Midwest Regional Preview
The Kansas Jayhawks are a No. 1 seed. Sound familiar?
It should, as Kansas has been placed at the top of its respected bracket for the third straight year and the 14th time under head coach Bill Self. The other top seeds in the region are No. 2 Duke, No. 3 Michigan State and No. 4 Auburn. This is a bracket full of blue-bloods, as Syracuse snuck in as well as an 11-seed, facing a potential matchup with TCU if the Orange can get past Arizona State in the First Four.
The top three seeds should have no trouble advancing to the second round, although Michigan State and Duke have both fallen in the first round as 2-seeds in recent memory, most recently Michigan State to Middle Tennessee in 2016. Penn isn’t a usual 16-seed either, as the Ivy League has historically given trouble to top teams.
However, the fun starts at 4 and 5 with Auburn and Clemson. Auburn is making its first NCAA Tournament appearance since 2003, but it will have to do so without forward Anfernee McLemore. They face No. 13 Charleston, who erased a 17-point deficit in their conference championship game to reach the dance. Clemson, on the other hand, runs up against No. 12 New Mexico State in San Diego, where the crowd will be heavily in support of the Aggies. Keep in mind, at least one 12-seed has upset a 5-seed in each of the last seven tournaments. That being said, I still like both top seeds advancing here.
No. 6 TCU will play the winner of Arizona State and Syracuse, and give credit to Jamie Dixon for how he has turned a school without much basketball history into a Big 12 contender. However, whether it be Tra Holder or Tyus Battle running the point against the Horned Frogs, their quickness on the outside will prove too much to overcome.
The most intriguing first-round matchup is No. 7 Rhode Island vs. No. 10 Oklahoma, as Trae Young is one of the flashiest players in the country, leading the nation in both points and assists per game. But Dan Hurley’s bunch will prove too much for a struggling Sooners team and the Rams will advance to the weekend.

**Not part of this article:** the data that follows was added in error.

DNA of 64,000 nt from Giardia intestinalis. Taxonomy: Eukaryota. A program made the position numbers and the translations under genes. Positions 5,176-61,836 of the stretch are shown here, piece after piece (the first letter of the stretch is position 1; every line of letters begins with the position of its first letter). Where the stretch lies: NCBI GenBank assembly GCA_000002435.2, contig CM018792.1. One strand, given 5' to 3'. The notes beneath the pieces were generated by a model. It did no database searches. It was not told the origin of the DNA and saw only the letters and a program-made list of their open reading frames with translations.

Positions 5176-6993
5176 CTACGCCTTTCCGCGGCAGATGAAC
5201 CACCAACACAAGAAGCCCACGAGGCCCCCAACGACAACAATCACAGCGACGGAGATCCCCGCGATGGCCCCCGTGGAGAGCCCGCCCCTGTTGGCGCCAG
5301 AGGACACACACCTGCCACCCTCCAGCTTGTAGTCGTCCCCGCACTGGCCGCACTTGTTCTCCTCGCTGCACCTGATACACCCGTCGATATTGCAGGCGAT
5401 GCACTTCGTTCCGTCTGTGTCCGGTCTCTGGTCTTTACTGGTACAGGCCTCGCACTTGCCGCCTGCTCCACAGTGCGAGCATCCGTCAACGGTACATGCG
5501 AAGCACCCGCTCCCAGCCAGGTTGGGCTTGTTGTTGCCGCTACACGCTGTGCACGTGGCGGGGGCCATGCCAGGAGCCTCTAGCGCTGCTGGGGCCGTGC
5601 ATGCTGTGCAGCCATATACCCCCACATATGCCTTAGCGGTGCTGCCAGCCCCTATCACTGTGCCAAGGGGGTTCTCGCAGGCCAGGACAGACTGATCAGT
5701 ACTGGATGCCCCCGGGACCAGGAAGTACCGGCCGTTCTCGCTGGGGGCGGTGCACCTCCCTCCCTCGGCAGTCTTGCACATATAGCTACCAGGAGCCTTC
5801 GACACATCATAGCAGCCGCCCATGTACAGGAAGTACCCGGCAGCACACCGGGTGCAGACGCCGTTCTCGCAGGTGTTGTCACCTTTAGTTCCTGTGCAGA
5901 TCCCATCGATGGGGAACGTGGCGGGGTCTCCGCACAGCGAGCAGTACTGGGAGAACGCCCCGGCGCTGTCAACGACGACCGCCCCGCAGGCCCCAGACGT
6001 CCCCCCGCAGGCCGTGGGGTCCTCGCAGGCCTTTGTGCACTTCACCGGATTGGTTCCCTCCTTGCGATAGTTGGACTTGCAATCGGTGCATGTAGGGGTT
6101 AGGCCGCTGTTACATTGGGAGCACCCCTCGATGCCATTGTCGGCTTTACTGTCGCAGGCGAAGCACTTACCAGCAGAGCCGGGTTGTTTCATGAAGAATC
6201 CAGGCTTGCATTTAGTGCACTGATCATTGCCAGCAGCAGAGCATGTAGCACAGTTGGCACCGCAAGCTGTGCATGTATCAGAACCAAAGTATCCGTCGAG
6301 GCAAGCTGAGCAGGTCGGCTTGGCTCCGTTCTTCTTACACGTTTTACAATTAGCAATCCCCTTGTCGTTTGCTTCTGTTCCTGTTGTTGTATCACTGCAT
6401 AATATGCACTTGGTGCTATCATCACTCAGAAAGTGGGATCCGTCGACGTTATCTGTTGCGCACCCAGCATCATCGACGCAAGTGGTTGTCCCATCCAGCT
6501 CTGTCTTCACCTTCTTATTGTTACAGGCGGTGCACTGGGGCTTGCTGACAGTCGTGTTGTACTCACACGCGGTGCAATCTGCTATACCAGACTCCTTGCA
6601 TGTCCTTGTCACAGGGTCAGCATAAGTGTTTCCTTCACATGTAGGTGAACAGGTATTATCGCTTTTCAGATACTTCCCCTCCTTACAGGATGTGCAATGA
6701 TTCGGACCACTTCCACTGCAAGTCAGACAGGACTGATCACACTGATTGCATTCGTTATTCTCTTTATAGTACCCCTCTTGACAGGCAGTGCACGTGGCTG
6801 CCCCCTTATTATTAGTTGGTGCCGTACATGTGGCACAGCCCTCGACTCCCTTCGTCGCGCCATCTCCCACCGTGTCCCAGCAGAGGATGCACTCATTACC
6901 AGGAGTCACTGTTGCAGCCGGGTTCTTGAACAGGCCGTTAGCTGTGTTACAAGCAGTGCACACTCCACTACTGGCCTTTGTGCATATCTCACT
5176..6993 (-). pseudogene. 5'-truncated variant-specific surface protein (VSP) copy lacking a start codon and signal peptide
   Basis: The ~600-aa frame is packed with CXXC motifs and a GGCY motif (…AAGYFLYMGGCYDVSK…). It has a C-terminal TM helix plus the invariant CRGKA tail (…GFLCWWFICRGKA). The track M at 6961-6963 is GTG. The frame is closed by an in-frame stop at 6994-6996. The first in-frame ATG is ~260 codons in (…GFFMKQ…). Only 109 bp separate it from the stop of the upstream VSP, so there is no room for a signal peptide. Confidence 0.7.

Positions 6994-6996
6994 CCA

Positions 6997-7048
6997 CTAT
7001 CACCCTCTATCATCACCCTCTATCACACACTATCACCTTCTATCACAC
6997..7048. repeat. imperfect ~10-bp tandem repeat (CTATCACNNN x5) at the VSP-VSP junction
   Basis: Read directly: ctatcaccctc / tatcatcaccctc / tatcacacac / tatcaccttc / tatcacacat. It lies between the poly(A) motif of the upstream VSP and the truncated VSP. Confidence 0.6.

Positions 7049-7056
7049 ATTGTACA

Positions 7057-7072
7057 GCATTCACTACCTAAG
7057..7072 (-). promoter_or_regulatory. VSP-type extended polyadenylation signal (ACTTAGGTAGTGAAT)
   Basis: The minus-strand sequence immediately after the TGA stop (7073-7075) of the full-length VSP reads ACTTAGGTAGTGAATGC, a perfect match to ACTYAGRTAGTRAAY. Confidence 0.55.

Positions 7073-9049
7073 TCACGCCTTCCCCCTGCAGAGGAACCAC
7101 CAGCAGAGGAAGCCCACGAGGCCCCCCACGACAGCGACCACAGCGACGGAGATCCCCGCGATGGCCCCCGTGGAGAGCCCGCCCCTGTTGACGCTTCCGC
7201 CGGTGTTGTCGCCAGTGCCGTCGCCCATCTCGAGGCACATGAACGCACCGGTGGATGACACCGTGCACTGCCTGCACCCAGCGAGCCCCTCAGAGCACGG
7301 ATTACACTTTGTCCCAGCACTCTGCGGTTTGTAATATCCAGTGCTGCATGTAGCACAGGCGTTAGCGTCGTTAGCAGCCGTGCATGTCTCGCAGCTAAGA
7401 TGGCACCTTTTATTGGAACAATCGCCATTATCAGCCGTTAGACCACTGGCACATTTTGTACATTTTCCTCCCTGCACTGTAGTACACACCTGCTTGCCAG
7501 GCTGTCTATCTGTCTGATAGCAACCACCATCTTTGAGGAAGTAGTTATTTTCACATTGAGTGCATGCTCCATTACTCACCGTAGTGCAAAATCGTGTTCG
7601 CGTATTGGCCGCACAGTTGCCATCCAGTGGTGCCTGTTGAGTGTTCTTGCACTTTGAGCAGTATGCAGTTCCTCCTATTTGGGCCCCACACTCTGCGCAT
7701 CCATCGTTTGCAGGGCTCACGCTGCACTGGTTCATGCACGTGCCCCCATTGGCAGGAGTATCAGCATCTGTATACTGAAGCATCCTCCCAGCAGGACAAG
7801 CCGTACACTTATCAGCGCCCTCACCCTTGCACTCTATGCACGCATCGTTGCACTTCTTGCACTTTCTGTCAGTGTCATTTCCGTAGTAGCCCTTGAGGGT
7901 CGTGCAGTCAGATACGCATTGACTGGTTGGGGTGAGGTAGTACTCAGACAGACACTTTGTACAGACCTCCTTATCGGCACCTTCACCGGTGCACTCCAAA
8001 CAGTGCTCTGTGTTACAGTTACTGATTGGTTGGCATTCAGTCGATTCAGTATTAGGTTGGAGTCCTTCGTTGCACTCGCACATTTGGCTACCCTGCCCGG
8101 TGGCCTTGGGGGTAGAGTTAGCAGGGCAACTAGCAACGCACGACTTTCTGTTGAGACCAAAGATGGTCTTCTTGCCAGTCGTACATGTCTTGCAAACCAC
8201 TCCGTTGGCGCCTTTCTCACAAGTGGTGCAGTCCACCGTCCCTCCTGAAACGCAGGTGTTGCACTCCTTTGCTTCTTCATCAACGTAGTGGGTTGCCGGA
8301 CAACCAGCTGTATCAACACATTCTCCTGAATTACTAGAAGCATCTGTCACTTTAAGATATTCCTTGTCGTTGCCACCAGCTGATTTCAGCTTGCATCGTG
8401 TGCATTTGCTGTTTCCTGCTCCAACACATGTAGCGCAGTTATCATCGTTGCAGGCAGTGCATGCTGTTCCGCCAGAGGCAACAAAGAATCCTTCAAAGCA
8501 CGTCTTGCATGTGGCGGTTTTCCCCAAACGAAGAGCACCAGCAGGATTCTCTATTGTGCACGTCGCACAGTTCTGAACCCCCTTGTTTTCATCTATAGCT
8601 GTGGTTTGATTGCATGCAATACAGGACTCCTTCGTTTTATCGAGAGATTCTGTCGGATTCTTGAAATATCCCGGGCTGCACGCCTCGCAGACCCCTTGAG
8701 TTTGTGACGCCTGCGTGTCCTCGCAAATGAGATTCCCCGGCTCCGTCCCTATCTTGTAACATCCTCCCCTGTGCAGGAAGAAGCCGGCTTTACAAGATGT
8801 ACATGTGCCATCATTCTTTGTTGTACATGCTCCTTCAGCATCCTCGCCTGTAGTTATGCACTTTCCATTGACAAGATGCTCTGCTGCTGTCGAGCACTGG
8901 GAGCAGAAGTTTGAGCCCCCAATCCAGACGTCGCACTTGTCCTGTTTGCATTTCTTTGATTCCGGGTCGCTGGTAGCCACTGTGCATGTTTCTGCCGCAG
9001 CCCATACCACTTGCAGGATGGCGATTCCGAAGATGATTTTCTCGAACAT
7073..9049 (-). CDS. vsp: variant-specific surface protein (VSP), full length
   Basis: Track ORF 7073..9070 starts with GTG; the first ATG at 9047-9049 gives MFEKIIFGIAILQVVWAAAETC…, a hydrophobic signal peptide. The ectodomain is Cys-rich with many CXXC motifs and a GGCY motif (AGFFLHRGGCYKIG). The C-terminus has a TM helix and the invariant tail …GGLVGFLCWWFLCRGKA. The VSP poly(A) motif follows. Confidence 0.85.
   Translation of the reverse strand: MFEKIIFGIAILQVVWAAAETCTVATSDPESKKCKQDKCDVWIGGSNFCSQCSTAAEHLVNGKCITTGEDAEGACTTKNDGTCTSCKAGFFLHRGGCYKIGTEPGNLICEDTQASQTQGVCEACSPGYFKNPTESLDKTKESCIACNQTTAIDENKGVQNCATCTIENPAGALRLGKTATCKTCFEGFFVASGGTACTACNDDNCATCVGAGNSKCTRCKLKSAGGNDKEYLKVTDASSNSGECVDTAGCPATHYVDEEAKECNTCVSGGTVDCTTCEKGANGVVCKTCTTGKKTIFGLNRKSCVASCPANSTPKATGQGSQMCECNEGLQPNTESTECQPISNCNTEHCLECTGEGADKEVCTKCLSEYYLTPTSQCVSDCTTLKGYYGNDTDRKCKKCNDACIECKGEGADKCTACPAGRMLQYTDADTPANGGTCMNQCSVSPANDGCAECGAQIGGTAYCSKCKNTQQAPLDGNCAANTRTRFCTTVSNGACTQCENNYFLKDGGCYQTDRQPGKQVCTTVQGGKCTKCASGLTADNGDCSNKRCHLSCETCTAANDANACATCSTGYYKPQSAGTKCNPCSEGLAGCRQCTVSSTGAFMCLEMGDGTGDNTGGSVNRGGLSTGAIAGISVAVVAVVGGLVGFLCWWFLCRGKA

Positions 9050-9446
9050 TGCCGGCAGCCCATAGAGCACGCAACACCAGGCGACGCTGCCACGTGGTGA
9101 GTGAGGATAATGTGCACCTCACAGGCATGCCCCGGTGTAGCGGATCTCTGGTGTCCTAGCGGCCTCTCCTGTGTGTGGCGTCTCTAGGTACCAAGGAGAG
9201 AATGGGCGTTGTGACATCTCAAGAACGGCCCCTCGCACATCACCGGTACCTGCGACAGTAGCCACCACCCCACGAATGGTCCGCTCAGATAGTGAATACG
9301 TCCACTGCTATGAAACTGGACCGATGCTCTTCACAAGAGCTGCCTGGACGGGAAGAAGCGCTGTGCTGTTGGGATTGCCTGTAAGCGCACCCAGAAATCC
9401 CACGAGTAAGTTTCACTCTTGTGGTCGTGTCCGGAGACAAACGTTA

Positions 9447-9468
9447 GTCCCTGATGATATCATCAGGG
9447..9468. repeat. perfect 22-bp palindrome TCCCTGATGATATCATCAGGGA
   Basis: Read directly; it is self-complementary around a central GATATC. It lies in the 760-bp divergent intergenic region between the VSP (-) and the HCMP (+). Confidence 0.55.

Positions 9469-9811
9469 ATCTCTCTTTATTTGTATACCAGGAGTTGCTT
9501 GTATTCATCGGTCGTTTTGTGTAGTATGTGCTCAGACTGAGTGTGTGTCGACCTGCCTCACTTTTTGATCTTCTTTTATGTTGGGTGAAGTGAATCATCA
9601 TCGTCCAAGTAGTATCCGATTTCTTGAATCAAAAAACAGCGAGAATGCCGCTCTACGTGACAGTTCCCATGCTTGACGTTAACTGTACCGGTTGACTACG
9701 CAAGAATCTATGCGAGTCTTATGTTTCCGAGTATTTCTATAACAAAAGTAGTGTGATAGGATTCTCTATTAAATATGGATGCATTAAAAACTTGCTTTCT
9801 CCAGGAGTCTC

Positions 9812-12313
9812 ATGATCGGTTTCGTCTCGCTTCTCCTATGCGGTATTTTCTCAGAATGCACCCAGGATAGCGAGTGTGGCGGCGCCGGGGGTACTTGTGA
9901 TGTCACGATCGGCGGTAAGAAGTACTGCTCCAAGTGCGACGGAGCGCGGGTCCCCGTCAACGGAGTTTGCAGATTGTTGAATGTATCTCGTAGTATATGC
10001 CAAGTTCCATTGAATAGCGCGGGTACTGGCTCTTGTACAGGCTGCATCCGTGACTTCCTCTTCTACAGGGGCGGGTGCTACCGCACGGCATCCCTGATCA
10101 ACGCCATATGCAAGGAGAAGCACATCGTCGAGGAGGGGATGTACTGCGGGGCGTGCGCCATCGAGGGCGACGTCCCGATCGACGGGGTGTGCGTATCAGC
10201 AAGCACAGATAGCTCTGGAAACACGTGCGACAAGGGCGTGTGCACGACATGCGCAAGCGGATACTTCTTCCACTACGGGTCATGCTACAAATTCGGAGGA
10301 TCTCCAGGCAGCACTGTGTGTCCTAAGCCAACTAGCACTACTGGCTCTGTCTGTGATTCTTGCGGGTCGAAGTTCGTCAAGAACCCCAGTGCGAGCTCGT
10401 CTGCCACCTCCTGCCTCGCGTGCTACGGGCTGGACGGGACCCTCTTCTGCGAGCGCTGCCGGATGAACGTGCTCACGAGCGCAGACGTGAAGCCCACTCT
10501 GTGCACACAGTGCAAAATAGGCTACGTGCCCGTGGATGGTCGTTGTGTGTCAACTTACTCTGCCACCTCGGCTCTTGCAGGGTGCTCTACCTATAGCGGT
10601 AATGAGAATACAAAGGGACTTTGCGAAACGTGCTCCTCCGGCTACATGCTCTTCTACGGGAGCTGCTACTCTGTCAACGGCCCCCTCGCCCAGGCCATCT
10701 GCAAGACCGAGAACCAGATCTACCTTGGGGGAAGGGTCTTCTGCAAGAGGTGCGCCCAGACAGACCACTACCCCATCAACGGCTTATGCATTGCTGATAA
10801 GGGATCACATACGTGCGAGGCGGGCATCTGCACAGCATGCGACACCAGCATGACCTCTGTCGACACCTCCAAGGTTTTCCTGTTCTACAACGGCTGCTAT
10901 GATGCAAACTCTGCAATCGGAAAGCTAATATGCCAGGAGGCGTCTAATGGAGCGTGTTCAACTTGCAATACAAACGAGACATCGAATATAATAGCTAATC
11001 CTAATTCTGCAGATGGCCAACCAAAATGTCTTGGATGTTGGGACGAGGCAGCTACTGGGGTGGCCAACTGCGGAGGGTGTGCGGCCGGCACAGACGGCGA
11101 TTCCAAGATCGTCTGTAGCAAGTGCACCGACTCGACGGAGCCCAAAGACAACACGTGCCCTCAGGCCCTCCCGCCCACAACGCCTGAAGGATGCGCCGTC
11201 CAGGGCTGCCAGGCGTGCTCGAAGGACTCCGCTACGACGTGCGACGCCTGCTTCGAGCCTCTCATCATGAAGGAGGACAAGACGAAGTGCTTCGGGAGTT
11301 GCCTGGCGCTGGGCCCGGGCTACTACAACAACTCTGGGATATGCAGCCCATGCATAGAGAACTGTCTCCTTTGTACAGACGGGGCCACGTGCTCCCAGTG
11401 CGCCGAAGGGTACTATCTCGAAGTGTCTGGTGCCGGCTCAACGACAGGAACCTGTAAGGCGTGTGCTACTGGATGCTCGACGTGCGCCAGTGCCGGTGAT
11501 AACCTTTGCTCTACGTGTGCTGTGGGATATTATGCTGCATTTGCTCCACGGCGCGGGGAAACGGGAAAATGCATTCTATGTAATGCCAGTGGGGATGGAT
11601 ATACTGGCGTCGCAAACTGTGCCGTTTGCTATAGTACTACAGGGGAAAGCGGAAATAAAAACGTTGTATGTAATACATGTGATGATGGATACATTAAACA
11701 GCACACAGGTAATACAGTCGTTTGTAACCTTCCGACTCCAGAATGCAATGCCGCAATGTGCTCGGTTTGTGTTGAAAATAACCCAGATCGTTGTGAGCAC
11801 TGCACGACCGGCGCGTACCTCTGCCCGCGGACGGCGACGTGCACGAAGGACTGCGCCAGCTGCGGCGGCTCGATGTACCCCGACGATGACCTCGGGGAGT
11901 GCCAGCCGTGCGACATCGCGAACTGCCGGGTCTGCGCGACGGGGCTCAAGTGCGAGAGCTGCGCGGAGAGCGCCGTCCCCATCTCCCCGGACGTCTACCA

I like No. 9 NC State to advance as well, as No. 8 Seton Hall has fallen on hard times recently.
Kansas should have no trouble with NC State, and Clemson can exploit its size advantage inside over Auburn to set up our first regional semifinal. Michigan State’s veteran leadership should be enough to propel the Spartans into the second weekend as well since nobody from TCU, Syracuse or Arizona State is as efficient offensively as the Spartans.
The best potential for an upset is Rhode Island over Duke. The Blue Devils lost as a 2-seed in the second round last year, and the Rams were one possession away from making the Sweet 16. Rhode Island’s Jared Terrell averages 17.2 points per game and could present a problem for Duke, but Wooden Award Finalist Marvin Bagley III will prove too much for the Rams inside.
Basketball fans everywhere will salivate over a Michigan State-Duke matchup, as two of the all-time great programs and coaches will square off. Both schools are looking to go back to the Final Four for the first time since 2015 when Duke dispatched Michigan State in the national semifinals en route to Coach K’s fifth national championship. Duke also took down Michigan State in the Sweet 16 in 2013.
The matchup to watch will be inside, as Bagley III and Wendell Carter will have their hands full with Miles Bridges and Nick Ward for the Spartans. However, this game will be won on the outside, and I give the edge to Michigan State’s Jaren Jackson and Josh Langford over Grayson Allen and Gary Trent Jr. by a hair.
On the other side, Kansas will continue its roll, as Devonte Graham will have a field day against Clemson’s suspect perimeter defense. The season-ending injury to Clemson forward Donte Grantham inside really hurts the Tigers, which can be further exploited if Kansas center Udoka Azubuike is back at full strength.
Michigan State and Kansas will clash again for a trip to the Final Four in San Antonio. The Jayhawks and Spartans met in the second round last year, and Kansas comfortably won that game. But this Spartans team is a year more experienced than they were a season ago.
Kansas has now fallen in the Elite 8 as a No. 1-seed in back-to-back years and the Jayhawks will do everything in their power to reverse that trend. However, Miles Bridges decided to come back to Michigan State for exactly this type of moment, and the sophomore standout will be the difference in the game.
Tom Izzo’s team will ride its two likely lottery picks to the Final Four, where they will have as good a chance as any team they meet there to cut down the nets.
Tom Shively is a junior majoring in broadcast journalism. To contact him, email firstname.lastname@example.org.
About the Contributors
Sophomore / Broadcast Journalism